Fortune magazine annually prints the names of 500 American companies that are envied around the world.
If there were a magazine listing the top 500 American intellectuals, I would have suggested the name of Robert Kagan—in spite of his disregard for Kurds—for its next edition.
He has just published a new book, The Jungle Grows Back: America and Our Imperiled World. Short, concise and provocative—it urges its readers to vigilantly uphold the liberal world order for future generations.
It addresses the sudden disappearance of American leadership from the world’s stage. It blames the Obama Administration for initiating the retreat, and the Trump Administration for completing it.
For a book, it has its memorable literary allusions as well: it quotes Mike Campbell, a character in Ernest Hemingway’s novel, The Sun Also Rises, who, when asked how he went bankrupt, responds, “Gradually, and then suddenly.”
The world has always had issues, says Mr. Kagan, but now it is entering a period akin to the non-war years between 1918 and 1939 when nations only took care of their own— and then introduced us to frightening words like concentration camps, Holocaust and Kamikaze.
He feels Americans were lucky to have 1945 leaders like Roosevelt, Truman, Acheson, Marshall, and Kennan, who felt we inhabit a jungle and the “judgment of nature upon error” was not forgiveness but immediate death.
To make the jungle habitable and ward off errors, Roosevelt and Truman birthed the liberal world order and in the words of Acheson, the United States became its “locomotive” for the good of humanity around the globe.
Sadly, 10 million Kurds—their population at the time, were barred from boarding the liberal world order locomotive when it left the United Nations depot in San Francisco to spread the gospel of “individual rights, freedom, universality, equality—regardless of race and national origin, cosmopolitanism and tolerance.”
Untouched by the grand new experiment called liberal world world, our colonial masters, Turks, Persians and Arabs instilled in us self-doubt and self-contempt to deny us agency in our lives. When some of us dared to experiment with freedom, Uncle Sam’s weapons—sometimes Russian, were used against us to teach us a lesson in servility.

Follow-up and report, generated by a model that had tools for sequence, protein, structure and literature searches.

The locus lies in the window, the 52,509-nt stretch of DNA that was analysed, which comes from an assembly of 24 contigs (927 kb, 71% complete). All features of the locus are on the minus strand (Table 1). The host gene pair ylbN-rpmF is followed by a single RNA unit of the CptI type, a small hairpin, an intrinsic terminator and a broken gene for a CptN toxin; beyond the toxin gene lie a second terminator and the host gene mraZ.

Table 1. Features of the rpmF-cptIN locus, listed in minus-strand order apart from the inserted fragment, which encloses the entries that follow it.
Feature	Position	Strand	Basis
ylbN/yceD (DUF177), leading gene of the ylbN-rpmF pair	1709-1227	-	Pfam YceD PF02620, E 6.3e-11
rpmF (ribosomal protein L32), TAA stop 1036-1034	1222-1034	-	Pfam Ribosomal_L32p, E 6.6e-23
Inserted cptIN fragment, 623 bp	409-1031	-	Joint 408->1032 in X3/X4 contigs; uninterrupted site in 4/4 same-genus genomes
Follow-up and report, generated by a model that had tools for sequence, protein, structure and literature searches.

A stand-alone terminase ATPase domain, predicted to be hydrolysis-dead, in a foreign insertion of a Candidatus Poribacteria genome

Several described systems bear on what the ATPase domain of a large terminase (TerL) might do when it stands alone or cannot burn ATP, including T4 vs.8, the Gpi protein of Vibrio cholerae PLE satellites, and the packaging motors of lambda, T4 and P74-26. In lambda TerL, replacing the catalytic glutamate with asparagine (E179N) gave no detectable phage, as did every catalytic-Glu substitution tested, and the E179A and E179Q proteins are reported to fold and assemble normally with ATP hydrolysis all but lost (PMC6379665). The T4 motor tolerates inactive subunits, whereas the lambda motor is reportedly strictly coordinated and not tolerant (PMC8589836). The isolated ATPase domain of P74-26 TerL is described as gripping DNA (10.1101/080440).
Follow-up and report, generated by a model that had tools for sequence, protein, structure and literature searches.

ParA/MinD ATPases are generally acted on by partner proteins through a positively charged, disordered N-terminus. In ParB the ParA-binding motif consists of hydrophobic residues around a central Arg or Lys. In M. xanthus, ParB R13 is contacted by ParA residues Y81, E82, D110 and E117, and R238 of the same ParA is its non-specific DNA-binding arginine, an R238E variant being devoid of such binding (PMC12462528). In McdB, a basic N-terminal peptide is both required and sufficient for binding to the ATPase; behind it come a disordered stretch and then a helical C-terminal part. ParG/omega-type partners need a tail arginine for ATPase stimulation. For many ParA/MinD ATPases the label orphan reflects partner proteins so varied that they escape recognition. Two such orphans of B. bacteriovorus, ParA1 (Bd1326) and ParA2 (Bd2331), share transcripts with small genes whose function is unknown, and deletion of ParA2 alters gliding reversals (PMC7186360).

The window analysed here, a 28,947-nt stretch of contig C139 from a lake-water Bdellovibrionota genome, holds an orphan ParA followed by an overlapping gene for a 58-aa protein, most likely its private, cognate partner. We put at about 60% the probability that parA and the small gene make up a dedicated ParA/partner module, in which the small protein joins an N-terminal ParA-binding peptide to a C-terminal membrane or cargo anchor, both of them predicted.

The word “servility” always stuck in our throat.
We much prefer freedom.
As our “luck” would have it, we connected with Henry Kissinger, a prominent champion of liberal world order, and asked him to give us a helping hand to expand the boundaries of freedom and liberty in Kurdistan and the Middle East. In spite of his promises, he emboldened Saddam Hussein to shed our blood like water. When asked why he had betrayed us, his response showed not only his heartlessness, but also, in one pithy sentence, the final epithet for the approaching death of the liberal world order:
“Covert action should not be confused with missionary work.”
While the tottering liberal world order continues to side with our adversaries, some of us qualify, says Mr. Kagan, as children of its godfather, the Enlightenment. Those Kurds, the Marxists ones, believe in the promise of “justice and true equality” and want to see an “end to materialism.”
But their dreams are hopeless—incompatible with human nature, adds Mr. Kagan. And yet he is grateful to its luminaries, such as Mr. Gorbachev, who let Estonians, Czechs, Armenians and many other nationalities free themselves from Russian bondage without a bloodbath.
Bloodbaths, alas, have been our ordeal in Turkey, Iran, Iraq and Syria. Saddam’s Iraq even likened us to rats and poisoned us with toxic gas while still enjoying robust relations with the United States.
Mr. Kagan, regrettably, is quiet on that sordid chapter of liberal world order. His silence is disingenuous considering his tenure at the State Department in those years.
But maybe there is some good news in the bad news that this liberal world order is falling down like a house of cards.
“What happens in the Middle East doesn’t stay in the Middle East,” says Mr. Kagan. He quotes polling data suggesting the uprooted refugees of Syria and Libya provided grist for the propaganda mills of the neo-Nazi groups across Europe.
There is another way to help contain this intercontinental crisis.
The Middle East remains a bastion of authoritarianism. Its offspring, Radical Islam, rejects the Enlightenment.
The Kurds, including their Marxist elements, don’t want to be refugees in Europe. Besides, to us belongs the record of helping reduce the fever of the world in Mosul and Raqqa.
We can do more, provided we are respected in return, and accepted as a member of whatever replaces the bankrupt liberal world order.
And then there is this observation of Malcolm X:
“We don’t think that we should have to sit around and wait for some segregationist congressmen and senators and a President from Texas in Washington, D. C., to make up their minds that our people are due now some degree of civil rights.”
His clincher: “We want it now or we don’t think anybody should have it.”
Can Kurds be castigated for experimenting with a little bit of Malcolm X?
After all, when you are brutally denied freedom for so long, you will grasp at anything to ward off its enemies to hasten the bright and balmy dawn of liberty in at least one corner of the world.
You could ask American blacks.
Kani Xulam @AKINinfo
This op-ed first appeared on Rudaw Media Network’s website: rudaw.net